The vapor leaving the upper distillation section 110 through line 14 is partially condensed in reflux condenser 122 and is separated into liquid and vapor phases in reflux drum 124. Liquid from reflux drum 124 is returned to the upper distillation section 110 by line 18 (i.e., reflux liquid feed stream). Also, as discussed above, a portion of the reflux liquid may be introduced into line 20 via line 28 to sub-cool the freezing zone liquid feed stream. The vapor from reflux drum 124 is taken off as a predominantly N2 product in line 16.
It is contemplated that in certain circumstances, the upper distillation section may be needed or desired. In such an instance, a portion of the vapor leaving the freezing zone 108 (i.e., freezing zone vapor product stream) would be condensed and returned as liquid feed (i.e., freezing zone liquid feed stream) to return feed spray nozzles 15a, 15b. The remaining portion would be taken as vapor overhead product containing predominantly N2.
FIG. 3 is a phase diagram of a natural gas feed stream at 400 psia containing approximately 2.5 mole % CO2, 27 mole % N2, and 70 mole % CH4. This diagram generally illustrates the formation of the different phases that develop for the feed stream's respective components with changing temperature and concentration of CO2 and non-CO2 component throughout the tower. The tower's temperature gradient runs approximately from -145° F. in the bottoms to -230° F. at the overhead. This gradient reads from top to bottom on the phase diagram. Also, the tower's CO2 concentration gradient runs approximately from 3.5 mole % in the bottoms to zero mole % at the overhead. This gradient reads from left to right on the phase diagram. With the change in component concentrations at various points along the tower's temperature gradient comes commensurate changes in the phases (e.g., solid/vapor, vapor/liquid, etc.) which are in equilibrium with each other. Development of these phases, in turn, allows separating those components having a tendency to concentrate in one phase more than another.
For the same feed stream and tower conditions identified above, Table I below provides an approximate characterization of the temperature versus component concentrations in the vapor and liquid phases at equilibrium at various stages throughout the tower 104. This temperature-concentration profile was made using a proprietary computer program based on well-known chemical engineering principles. However, similar results could be obtained through the use of commercially available software such as ASPEN PLUS, which is marketed by ASPEN Technology.
TABLE I__________________________________________________________________________ Vapor (Mole Fraction) Liquid (Mole Fraction)Stage Temperature (°F.) CH4 >CH4** N2 CO2 CH4 >CH4** N2 CO2__________________________________________________________________________Condenser -229.0 ##STR1## .2506 0 .7494 02 -212.8 .2159 0 .7841 0 .5043 0 .4957 03 -192.9 .3923 0 .6077 0 .7156 0 .2844 04 -179.9 .5326 0 .4675 0 .8102 0 .1898 05 -174.4 .5979 0 .4021 0 .8445 0 .1555 06 -172.4 .6225 0 .3775 0 .8563 0 .1436 07 -171.7 .6311 0 .3689 0 .8602 0 .1395 .00038 -171.4 .6338 0 .3660 .0002 .8604 0 .1380 .00159 -171.0 .6332 0 .3657 .0011 .8557 .0004 .1372 .0068(CFZ) 10 -167.7 .6568 .0002 .3394 .0036* .8515 .0029 .1229 .0227*(CFZ) 11 -164.0 .7035 .0002 .2922 .0040* .8711 .0029 .1033 .0227*(CFZ) 12 -160.2 .7551 .0002 .2402 .0045* .8915 .0029 .0828 .0228*13 -156.4 .8072 .0003 .1876 .0049 .9110 .0029 .0633 .022814 -152.9 .8562 .0003 .1382 .0054 .9285 .0029 .0459 .022815 -149.9 .8989 .0003 .0949 .0058 .9432 .0029 .0311 .022916 -147.4 .9338 .0003 .0594 .0065 .9536 .0029 .0192 .0242Reboiler -144.6 .9583 .0006 .0315 .0096 ##STR2##__________________________________________________________________________ *Includes the mole fraction of CO2 that will form solids. **Higher hydrocarbons 1 Vapor Overhead Product Stream 2 Liquid Bottom Product Stream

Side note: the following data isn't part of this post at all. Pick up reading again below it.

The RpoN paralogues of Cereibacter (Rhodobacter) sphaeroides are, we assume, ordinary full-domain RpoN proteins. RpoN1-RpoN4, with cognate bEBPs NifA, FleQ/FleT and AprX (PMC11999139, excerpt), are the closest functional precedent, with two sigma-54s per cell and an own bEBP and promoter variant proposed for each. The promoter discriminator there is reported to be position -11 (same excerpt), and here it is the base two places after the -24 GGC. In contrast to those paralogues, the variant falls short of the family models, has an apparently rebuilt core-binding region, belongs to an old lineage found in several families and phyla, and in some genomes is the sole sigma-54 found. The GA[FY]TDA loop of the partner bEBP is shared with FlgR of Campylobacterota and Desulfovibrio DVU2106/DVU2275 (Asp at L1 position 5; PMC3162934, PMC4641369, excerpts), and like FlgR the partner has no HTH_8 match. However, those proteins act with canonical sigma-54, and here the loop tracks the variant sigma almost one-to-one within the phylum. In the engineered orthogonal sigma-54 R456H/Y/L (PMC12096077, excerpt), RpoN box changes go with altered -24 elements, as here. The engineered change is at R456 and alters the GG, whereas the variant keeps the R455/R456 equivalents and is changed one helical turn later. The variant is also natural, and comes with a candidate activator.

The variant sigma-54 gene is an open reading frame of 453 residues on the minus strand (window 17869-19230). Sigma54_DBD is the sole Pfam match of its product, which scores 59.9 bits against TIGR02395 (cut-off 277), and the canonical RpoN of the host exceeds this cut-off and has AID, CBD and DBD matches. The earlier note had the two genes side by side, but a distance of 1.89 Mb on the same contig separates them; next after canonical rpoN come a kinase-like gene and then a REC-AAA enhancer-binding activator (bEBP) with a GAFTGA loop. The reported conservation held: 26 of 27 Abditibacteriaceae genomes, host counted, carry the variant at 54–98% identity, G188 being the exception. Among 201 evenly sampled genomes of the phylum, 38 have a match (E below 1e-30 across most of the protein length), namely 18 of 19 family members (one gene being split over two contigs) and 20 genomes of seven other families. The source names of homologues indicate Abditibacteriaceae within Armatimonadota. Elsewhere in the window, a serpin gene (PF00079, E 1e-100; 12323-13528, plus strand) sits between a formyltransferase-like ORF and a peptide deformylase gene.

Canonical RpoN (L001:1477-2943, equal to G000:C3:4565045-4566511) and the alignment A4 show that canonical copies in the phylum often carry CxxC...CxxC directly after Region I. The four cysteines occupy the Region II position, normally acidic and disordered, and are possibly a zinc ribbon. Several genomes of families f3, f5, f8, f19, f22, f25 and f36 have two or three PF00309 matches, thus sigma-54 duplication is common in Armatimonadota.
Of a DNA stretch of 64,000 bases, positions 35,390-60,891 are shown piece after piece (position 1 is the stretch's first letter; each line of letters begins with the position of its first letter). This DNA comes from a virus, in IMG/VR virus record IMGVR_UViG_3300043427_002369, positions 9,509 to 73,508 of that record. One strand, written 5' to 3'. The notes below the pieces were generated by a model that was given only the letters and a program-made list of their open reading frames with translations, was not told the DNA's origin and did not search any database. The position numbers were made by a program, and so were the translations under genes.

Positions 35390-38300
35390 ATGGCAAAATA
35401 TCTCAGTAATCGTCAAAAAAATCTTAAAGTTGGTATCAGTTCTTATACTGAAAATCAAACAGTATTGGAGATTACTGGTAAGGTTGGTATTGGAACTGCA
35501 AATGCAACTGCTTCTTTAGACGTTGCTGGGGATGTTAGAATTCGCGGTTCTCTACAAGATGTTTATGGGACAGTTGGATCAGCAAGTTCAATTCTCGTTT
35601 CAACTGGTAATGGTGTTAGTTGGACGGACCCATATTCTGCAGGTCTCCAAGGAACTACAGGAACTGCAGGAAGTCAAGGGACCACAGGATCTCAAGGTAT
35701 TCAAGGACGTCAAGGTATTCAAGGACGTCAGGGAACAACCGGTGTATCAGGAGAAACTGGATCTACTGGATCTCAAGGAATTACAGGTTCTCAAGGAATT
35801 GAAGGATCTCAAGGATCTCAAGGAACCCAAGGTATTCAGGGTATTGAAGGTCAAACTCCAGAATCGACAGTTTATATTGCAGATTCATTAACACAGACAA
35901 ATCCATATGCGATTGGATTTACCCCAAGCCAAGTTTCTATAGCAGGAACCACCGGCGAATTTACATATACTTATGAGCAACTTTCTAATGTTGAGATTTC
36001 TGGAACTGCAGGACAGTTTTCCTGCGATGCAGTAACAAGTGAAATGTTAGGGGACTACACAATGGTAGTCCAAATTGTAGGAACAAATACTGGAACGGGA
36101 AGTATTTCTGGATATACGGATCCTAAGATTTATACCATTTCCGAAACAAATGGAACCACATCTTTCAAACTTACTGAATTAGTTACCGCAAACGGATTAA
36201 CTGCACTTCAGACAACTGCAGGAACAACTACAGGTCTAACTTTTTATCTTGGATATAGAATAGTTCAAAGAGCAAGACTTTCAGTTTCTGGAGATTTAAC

Referring to Table I, from approximately -145° to -160° F. (i.e., the lower distillation section) both CO2 and CH4 concentrate in the liquid phase, while N2 concentrates in the vapor phase. Therefore, the liquid bottom product stream becomes enriched with CH4 relative to the tower stream's CH4 concentration. As shown in the bottom line of Table I, the liquid bottom product stream is comprised of approximately 95% CH4, 3.5% CO2, 1% N2, and 1/2% other higher hydrocarbons. As illulstrated by FIG. 3, the large vapor/liquid region from -140° to -160° F. indicates how the vapor/liquid equilibrium prevails over a relatively wide range of CO2 concentrations throughout the lower distillation section without solids formation.